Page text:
Payard Patisserie threw us for a loop with the buttery fillings in a few of the selections. Raspberry and cassis had the typical fruit jam filling, but coconut and pistachio were filled with buttery flavors. Still, the cookies held up nicely and had the elasticity and stickiness that the Tisserie macs and MadMacs lacked.

Bouley Bakery was the first shop we encountered to offer such playful flavors like the Pierre Hermé macs normally found Paris. We sampled raspberry-chocolate, peach-saffron, and the classic pistachio. The needed elasticity that helps the cookie break apart easily but not messily was, indeed, present. They were cake-like in a way that was substantial but not dense or heavy. The filling was not too grainy, but smooth and similarly textured to ganache without being as heavy.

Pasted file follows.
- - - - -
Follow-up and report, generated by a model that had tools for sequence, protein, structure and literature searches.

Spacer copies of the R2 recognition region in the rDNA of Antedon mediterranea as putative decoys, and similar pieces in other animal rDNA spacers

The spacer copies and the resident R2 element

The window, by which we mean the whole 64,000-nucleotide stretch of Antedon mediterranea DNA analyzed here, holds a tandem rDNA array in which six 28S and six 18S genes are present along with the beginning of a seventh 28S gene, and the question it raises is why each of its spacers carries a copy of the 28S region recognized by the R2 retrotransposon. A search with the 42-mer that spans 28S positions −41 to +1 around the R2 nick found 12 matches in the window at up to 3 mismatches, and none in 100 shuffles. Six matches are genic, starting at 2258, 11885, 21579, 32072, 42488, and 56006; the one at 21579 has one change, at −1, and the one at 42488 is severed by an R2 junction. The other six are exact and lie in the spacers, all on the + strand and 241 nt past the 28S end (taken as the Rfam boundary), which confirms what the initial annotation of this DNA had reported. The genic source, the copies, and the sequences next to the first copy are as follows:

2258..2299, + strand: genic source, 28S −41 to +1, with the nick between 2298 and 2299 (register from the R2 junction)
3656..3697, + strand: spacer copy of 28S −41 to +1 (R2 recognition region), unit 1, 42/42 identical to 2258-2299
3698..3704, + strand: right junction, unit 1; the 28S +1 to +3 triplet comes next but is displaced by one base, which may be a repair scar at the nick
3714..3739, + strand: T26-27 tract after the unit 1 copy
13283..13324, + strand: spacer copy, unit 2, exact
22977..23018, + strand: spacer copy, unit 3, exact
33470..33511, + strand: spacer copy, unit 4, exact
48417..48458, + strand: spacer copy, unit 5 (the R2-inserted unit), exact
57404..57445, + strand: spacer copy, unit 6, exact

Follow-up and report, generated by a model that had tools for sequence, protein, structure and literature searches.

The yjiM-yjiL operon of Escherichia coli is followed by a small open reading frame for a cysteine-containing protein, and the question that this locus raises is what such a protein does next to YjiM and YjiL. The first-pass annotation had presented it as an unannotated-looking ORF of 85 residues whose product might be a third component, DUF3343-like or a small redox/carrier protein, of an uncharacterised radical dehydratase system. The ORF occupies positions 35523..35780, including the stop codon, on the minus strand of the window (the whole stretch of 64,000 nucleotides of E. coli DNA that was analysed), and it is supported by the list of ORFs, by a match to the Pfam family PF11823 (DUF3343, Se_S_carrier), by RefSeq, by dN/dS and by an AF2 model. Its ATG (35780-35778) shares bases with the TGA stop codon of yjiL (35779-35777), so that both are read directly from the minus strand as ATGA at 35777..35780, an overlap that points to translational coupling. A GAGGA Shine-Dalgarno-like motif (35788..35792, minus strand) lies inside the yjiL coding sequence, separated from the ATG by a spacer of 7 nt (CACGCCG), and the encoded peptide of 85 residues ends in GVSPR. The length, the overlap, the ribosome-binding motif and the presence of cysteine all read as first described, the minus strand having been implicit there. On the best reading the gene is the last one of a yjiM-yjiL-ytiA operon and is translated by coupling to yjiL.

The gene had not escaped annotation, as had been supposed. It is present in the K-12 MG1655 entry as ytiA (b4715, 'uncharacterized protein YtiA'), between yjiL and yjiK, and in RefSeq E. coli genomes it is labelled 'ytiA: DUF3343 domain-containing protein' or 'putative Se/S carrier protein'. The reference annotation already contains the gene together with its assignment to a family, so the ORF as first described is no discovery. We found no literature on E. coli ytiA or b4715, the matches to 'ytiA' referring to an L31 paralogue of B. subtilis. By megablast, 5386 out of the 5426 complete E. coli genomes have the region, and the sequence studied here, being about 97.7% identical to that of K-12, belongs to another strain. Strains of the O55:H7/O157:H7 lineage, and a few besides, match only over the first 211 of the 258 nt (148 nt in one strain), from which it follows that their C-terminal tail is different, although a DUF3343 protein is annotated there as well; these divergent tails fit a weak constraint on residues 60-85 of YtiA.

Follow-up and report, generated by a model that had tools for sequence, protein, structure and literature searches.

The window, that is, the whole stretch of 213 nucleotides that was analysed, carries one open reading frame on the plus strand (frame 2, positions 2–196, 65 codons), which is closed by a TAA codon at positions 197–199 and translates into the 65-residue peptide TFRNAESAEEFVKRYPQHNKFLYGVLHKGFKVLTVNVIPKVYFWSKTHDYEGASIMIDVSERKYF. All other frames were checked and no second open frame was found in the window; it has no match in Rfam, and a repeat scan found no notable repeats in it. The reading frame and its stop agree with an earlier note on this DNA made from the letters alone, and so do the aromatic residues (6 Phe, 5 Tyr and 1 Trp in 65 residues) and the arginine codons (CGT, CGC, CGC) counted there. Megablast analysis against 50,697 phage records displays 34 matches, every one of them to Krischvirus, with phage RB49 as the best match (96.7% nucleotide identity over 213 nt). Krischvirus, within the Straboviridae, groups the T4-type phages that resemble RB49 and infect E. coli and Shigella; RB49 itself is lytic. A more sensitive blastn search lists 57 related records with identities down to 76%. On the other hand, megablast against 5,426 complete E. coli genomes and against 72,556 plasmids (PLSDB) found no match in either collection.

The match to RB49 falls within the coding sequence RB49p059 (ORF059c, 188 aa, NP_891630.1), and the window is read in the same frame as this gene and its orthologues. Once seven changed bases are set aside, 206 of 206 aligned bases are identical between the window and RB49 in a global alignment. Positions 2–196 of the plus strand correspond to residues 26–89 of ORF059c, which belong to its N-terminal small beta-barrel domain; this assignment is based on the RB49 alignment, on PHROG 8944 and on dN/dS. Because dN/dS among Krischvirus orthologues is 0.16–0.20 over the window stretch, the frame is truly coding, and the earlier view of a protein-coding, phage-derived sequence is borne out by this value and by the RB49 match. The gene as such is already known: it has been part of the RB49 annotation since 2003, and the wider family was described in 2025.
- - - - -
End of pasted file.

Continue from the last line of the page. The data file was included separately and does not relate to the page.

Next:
The cookie to filling ratio was good, even though the macaron was more like cake than previous ones. The pistachio had the most authentic taste; the taste was strong and immediately apparent without being overwhelming. It was a little difficult to taste the peach in the peach-saffron as an individual flavor, but the combination was obviously the result of some macaron genius. In the raspberry-chocolate, the chocolate was thick, rich, not too sweet, but overpowered the raspberry; the raspberry flavor was most apparent in the cookie.

Thomas Keller’s Manhattan transplant, Bouchon Bakery, offers the most expensive, but indeed the best, macarons. The Dish gals squealed with delight as we bit into cherry, caramel, and the trusty pistachio. They were chewy and rich, but also incredibly light. The cookie was almost sponge-cake-like. The pistachio and caramel varieties had a cream filling, while cherry was filled with a tart jam. After tasting these, we realized just how important texture was to the macarons and how the ideal texture can truly carry the flavor to deliriously delicious proportions.